Grenadian caregivers excel

Caregivers at the Queen Elizabeth Home (QEH) celebrated their graduation from REACH Grenada’s Conscious Discipline Training Program on Friday, June 15, in Tempe, St. George’s. Mrs. Marion Pierre, executive chairman of the Queen Elizabeth Home, delivered a keynote speech to the 15 graduates and an audience of friends and community members.

The June 15 graduation, which marked the completion of the caregivers’ eight-month long training program, was sponsored by REACH Grenada and commemorated the certification of QEH caregivers in the area of Conscious Discipline. Conscious Discipline, a training program developed by Dr. Becky Bailey, equips teachers and caregivers with techniques that promote social-emotional learning in children. REACH Grenada worked in conjunction with neuropsychologist Dr. Barbara Landon of St. George’s University to adapt this training program to the specific needs of the Grenadian care home population.

Congratulating the caregivers on the completion of the Conscious Discipline® training, Mrs. Pierre had this to say:

“Congratulations…on your graduation. I do believe that what Conscious Discipline teaches can help not only the children you care of but your own, and maybe a future if you decide to go into childcare outside of Grenada… It was indeed heartwarming to hear those of you who gave testimony to the results of what you learned.”

The completion of this Conscious Discipline training is part of REACH Grenada’s overall Caregiver Education Program, which builds on the capacities of caregivers, increasing their ability to self-regulate and better attune with the children in their care. With their new Conscious Discipline® certification, caregivers are now empowered to creatively respond to daily conflicts and transform them into an opportunity to teach critical life lessons to the children in their care.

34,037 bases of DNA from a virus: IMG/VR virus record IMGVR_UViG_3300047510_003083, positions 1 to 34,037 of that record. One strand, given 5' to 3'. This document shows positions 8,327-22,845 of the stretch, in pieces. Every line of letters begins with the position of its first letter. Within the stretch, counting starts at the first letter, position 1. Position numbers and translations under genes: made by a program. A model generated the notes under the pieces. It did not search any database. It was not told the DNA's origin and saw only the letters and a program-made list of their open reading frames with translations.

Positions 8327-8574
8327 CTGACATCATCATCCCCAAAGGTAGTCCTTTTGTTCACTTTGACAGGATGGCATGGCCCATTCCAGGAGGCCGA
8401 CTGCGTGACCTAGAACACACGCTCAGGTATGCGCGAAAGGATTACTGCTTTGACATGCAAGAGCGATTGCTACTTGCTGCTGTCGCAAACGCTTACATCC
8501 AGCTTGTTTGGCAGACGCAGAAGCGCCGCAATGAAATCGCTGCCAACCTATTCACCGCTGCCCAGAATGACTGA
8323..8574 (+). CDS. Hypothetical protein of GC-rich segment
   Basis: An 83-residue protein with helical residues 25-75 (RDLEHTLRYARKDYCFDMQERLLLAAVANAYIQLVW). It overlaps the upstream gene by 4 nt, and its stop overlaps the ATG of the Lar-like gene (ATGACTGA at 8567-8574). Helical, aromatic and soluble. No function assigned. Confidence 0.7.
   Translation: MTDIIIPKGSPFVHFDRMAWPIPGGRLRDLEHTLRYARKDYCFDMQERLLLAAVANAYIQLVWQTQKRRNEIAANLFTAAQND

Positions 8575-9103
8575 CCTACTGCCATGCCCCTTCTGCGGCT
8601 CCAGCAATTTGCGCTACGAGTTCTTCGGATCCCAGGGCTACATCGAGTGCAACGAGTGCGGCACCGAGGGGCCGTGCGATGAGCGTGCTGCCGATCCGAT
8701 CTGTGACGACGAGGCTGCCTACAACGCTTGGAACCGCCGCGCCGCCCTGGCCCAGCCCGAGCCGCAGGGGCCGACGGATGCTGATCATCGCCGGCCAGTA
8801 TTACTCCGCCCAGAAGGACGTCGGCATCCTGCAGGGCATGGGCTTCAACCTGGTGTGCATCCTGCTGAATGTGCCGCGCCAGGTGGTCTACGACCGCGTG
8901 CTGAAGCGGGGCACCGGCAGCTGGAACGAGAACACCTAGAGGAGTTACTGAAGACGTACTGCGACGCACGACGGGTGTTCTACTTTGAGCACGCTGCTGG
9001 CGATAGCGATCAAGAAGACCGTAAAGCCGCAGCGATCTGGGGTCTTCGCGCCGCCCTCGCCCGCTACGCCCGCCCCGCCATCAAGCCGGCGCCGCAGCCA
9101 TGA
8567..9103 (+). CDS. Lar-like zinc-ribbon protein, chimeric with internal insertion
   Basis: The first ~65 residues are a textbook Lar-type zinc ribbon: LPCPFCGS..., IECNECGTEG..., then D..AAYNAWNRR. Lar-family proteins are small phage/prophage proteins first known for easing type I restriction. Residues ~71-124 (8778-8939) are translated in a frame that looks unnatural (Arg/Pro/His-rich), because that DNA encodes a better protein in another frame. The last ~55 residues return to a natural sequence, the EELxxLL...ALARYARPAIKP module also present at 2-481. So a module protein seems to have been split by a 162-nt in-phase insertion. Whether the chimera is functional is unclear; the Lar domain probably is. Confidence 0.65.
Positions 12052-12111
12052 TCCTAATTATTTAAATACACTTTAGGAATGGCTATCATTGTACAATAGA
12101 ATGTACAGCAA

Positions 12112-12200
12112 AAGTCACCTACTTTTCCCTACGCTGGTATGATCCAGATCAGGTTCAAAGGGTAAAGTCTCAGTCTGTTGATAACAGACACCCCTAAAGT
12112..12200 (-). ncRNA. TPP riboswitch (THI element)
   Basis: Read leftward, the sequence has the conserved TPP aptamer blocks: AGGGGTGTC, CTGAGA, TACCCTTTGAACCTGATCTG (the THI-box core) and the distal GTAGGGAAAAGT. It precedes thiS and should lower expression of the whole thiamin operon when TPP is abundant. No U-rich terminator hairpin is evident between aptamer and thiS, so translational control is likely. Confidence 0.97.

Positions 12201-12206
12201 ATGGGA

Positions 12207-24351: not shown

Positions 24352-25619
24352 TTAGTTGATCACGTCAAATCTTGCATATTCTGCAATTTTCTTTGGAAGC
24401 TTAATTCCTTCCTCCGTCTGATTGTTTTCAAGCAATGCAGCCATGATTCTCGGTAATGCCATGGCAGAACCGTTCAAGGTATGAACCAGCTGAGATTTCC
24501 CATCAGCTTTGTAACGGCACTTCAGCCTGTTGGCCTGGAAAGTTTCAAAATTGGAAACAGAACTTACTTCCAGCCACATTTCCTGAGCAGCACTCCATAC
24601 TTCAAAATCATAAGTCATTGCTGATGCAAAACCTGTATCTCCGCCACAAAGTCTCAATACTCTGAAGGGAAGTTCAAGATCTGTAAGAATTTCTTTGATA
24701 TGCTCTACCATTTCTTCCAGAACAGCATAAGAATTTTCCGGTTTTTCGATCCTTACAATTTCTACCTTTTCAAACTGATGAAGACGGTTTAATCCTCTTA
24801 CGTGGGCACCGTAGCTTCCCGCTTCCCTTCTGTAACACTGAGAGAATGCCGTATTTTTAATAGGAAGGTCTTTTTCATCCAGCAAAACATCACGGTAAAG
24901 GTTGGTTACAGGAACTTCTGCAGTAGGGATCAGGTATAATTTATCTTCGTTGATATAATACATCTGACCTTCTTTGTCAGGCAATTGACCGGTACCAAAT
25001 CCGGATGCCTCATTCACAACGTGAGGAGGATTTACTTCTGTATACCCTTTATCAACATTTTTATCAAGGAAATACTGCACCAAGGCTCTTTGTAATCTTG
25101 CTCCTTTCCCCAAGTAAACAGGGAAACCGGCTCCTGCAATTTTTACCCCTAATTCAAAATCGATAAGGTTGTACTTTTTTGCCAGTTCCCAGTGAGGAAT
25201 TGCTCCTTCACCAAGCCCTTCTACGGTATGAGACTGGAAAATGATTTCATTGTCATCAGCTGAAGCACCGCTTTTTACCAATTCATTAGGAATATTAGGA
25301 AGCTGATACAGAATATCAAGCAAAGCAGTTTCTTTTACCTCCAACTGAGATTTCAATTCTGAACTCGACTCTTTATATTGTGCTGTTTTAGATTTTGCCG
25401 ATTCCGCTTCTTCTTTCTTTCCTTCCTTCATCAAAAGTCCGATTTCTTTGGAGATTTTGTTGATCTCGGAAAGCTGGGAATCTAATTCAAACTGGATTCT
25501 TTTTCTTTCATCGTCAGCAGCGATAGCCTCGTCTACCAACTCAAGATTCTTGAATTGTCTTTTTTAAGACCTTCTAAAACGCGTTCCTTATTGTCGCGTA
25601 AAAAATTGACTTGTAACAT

One caregiver reflected on the progress she and her fellow caregivers have made over the course of the training:

“The Conscious Discipline, oh my goodness, it’s been really good. Now we’re able to sit down and talk problems out with the children. Before, it was different-we would put them in time out…[Now] we’re able to sit with them and talk to them and teach them how to express their feelings to each other and to us caregivers, without having to fight.”

This training is currently in its fourth month at the Bel Air Home for Children and Adolescents, in Frequente St. Greorge’s. The success of the program at the Queen Elizabeth Home has now set the stage for the expansion of REACH Grenada’s Caregiver Education Program to more caregivers on the island.

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